Each of the push-buttons 1 has an actuating rod 4 having one end integral therewith and extending from the operating area 2 in a direction perpendicular to the longitudinal dimension thereof and conforming to the direction in which the external pushing force is applied to the operating area 2. Eachof the push-buttons 1 also has at least one fitting hole 6 defined in the fitting area 5 at a location on one side of the hinge axis, i.e., the thin-walled area 3, opposite to the operating area 2 for the securement of the push-button cluster to a cabinet 7 in a manner which will now be described.
The cabinet 7 is of a generally box-like configuration having one wall formed with a rectangular opening 9 of a size sufficient to allow the operating areas 2 of the respective push-buttons 1 to be received therein and exposed to the outside therethrough so as to be accessable to a finger of an operator. The wall of the cabinet 7 having the opening 9 defined therein has its interior surface formed with thermally fusible mounting bosses 8 which will project through the mounting holes 6 in the push-button cluster when the latter is fitted thereto with the operating areas 2 situated within the opening 9. As best shown in FIG. 2, after the push-button cluster has been fitted to the cabinet wall with the bosses 8 protruding through the holes 6, the free ends of the bosses 8 situated on one side of the holes 6 remote from the cabinet wall are heat-treated so as to substantially rivet the push-button cluster to the cabinet wall.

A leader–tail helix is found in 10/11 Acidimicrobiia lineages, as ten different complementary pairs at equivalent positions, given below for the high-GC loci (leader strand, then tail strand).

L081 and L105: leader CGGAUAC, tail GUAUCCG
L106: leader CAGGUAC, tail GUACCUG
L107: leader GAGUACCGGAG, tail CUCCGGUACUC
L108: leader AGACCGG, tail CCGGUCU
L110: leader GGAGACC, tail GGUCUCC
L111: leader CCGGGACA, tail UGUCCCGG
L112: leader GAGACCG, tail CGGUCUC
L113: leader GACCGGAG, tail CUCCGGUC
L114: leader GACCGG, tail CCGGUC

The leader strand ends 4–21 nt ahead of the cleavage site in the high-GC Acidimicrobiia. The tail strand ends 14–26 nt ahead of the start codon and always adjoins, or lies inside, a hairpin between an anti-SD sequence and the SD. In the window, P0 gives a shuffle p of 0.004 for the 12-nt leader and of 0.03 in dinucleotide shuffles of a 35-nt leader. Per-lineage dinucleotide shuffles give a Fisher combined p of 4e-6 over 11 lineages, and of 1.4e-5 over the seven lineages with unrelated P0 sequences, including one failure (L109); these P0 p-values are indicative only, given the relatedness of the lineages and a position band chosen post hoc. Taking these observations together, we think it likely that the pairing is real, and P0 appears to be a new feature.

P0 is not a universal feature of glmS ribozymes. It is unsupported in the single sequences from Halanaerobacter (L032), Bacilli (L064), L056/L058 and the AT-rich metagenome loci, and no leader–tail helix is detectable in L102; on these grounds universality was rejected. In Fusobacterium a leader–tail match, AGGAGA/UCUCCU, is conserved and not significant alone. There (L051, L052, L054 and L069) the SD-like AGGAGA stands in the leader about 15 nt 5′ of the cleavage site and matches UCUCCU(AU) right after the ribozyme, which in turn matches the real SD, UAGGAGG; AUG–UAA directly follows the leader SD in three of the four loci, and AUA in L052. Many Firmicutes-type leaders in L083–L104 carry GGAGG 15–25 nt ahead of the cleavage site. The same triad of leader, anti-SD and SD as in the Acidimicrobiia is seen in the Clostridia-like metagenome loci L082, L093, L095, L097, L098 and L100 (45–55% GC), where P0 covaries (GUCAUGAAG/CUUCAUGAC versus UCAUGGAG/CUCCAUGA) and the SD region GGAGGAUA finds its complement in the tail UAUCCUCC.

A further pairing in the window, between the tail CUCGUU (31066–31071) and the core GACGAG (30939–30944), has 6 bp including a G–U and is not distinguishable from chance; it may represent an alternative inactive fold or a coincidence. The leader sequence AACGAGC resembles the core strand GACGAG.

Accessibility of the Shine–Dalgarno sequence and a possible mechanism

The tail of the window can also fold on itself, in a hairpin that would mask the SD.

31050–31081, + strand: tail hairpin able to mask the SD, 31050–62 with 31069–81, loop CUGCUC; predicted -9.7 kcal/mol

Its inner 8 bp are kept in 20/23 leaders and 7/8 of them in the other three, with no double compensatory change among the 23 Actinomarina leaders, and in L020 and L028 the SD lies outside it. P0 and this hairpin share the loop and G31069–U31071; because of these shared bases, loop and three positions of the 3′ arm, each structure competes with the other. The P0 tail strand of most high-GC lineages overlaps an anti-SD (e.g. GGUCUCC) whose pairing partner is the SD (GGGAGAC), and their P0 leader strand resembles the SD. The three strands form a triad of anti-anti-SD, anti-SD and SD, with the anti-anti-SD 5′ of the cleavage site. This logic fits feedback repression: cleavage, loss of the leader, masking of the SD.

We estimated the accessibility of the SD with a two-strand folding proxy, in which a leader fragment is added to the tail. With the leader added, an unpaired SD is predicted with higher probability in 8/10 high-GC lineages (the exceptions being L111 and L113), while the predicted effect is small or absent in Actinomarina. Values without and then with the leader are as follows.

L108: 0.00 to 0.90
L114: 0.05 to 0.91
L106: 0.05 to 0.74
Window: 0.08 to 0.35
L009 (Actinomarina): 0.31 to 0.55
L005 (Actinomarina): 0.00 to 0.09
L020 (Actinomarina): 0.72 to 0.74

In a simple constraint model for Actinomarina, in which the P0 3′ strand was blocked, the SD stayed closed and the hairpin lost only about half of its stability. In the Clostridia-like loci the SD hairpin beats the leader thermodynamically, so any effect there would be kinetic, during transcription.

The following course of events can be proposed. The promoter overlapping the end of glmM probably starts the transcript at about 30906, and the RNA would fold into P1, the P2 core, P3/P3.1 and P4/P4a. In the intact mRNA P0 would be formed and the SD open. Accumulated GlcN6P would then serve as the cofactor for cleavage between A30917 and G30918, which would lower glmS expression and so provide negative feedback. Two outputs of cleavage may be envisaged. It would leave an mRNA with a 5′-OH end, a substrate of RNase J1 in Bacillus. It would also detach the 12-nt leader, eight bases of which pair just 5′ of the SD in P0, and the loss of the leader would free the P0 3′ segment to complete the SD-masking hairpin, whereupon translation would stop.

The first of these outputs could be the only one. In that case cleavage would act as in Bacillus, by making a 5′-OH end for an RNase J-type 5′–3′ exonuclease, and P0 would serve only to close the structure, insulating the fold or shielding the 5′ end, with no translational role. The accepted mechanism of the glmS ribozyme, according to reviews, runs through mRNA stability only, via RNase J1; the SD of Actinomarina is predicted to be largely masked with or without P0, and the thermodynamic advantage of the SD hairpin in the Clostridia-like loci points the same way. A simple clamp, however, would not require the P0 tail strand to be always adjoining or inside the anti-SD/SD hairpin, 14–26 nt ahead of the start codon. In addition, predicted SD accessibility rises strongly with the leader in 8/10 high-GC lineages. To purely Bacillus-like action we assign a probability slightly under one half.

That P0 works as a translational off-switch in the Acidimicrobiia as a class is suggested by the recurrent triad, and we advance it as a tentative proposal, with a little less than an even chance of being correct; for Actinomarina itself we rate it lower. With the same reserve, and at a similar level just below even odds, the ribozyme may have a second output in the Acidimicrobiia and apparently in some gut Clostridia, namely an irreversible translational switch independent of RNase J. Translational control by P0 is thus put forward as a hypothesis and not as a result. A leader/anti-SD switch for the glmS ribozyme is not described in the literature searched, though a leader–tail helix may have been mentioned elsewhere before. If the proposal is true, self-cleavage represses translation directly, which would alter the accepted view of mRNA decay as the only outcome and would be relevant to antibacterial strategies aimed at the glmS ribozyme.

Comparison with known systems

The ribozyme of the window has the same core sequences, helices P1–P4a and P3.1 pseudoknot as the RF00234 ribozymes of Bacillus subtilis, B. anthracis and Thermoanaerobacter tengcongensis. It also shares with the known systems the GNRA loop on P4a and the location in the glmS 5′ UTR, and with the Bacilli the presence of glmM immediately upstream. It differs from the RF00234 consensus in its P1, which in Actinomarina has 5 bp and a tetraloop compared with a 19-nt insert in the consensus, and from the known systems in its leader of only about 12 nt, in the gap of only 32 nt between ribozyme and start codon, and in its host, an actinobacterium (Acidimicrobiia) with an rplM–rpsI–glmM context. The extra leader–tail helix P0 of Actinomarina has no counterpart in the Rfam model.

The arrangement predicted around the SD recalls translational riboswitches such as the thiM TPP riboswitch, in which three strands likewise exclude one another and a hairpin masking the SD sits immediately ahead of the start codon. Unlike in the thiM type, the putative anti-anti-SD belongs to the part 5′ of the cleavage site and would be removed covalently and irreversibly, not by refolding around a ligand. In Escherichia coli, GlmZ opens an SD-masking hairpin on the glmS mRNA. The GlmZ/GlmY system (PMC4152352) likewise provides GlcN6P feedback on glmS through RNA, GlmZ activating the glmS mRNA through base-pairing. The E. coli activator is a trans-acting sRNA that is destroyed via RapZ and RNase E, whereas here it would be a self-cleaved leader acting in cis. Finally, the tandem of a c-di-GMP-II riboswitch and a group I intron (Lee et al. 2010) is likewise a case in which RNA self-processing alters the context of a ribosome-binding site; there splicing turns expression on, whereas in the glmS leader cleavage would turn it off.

Positioned below, as viewed in FIG. 2, the free ends of the actuating rods 4 are electric switches 10 each to be actuated by a respective push-button 1.
The prior art switch actuating assembly of the above described design operates in this manner. Namely, when the operator applies an external pushing force to one of the operating areas 2 which are exposed to the outside through the opening 9 in the cabinet 7, the operating area 2 so applied with the external pushing force pivots from the release position towards the depressed position about the hinge axis against the resiliency of the thin-walled region 3, accompanied by the downward shift of the associated actuating rod 4 as viewed in FIG. 2, thereby actuating one of the switches 10 which is aligned with the operating area 2 that is depressed. Release of the external pushing force from the operating area 2 results in the automatic return of the operating area 2 from the depressed position to the release position by the action of the resiliency of the thin-walled region 3.